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Automated warehousing, IT-enabled logistics and digitally transformed supply chains hold the key to a manufacturing economy push

The need for Industry 4.0 solutions to power a renaissance in manufacturing worldwide and particularly in India is well understood by all policy planners and industry CEOs in the manufacturing sector. Ubiquitous connectivity, devices connected by the billions to the Internet and new Internet of Things (IoT) applications are all providing the cyber push to make the cyberphysical future of the manufacturing world a reality. However, smart factories and heavily automated shop floors cannot by themselves provide the push to the manufacturing economy that is so necessary for a sustained economic boom to happen in the country. Automated warehousing, IT-enabled logistics and digitally transformed supply chains hold the real key to this future.

Speaking at the Supply Chain and Logistics conference in Dubai, which is fast emerging as a global hub for transportation in our part of the world, it was interesting to find that while extensive automation has been implemented in the storage and movement of materials, the opportunities in cognitive logistics and supply chain planning is still at a nascent stage all over Asia and even in the advanced systems prevalent in the US and Europe. This may be because warehouse automation and the use of augmented reality-enabled picking systems and virtual reality-driven learning systems have become part of any state-of-the-art storage and retrieval systems, but rapid advantages in artificial intelligence, machine learning and cognitive technologies have yet to be fully utilized in reimagining and redesigning the supply chains of the future.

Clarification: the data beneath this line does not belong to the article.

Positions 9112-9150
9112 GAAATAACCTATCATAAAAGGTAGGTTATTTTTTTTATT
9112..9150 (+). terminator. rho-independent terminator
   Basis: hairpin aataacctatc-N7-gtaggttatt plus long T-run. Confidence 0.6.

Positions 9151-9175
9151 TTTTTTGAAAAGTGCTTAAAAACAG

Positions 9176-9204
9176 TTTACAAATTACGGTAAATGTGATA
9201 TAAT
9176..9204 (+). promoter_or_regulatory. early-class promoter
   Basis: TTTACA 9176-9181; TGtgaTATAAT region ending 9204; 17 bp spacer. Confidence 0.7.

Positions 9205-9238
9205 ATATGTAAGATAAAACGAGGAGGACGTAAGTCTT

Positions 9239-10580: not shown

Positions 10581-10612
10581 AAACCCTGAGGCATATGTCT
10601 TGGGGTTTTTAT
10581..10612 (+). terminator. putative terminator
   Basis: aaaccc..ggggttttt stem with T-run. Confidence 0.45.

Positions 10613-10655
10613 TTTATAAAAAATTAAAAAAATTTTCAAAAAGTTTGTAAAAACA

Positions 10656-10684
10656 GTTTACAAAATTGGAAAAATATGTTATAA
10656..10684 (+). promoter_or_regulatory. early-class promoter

One of the main reasons for the lag in the adoption of cognitive transformation in supply chains and logistics has been attributed by expert Christine Taylor to the large numbers of people and firms that have to work together to make a supply chain work. The different levels of sophistication of manufacturers, brokers, transporters, retailers and customers make it difficult to have a wide sweep implementation in a supply chain the way it can and does happen in a factory or warehouse.

What has changed today to inject a new wave of optimism that cognitive logistics and supply chains are indeed going to happen in the very near future? Businesses are getting comfortable with setting up and using large data lakes and warehouses and deploying predictive and prescriptive analytics solutions. Omni-channel has become the standard for most manufacturers and retailers and with multiple companies, intermediaries and consumers interacting on an intelligent supply chain platform, the opportunity to understand the behavior of every participant on the platform and learn with every transaction is enabling supply chain planners to cost-effectively plan and optimize delivery solutions for each category of customer on the platform. Digitally-enabled supply chains enable instant interchange of data amongst all partners and enable the learning from every transaction to be leveraged by all participants.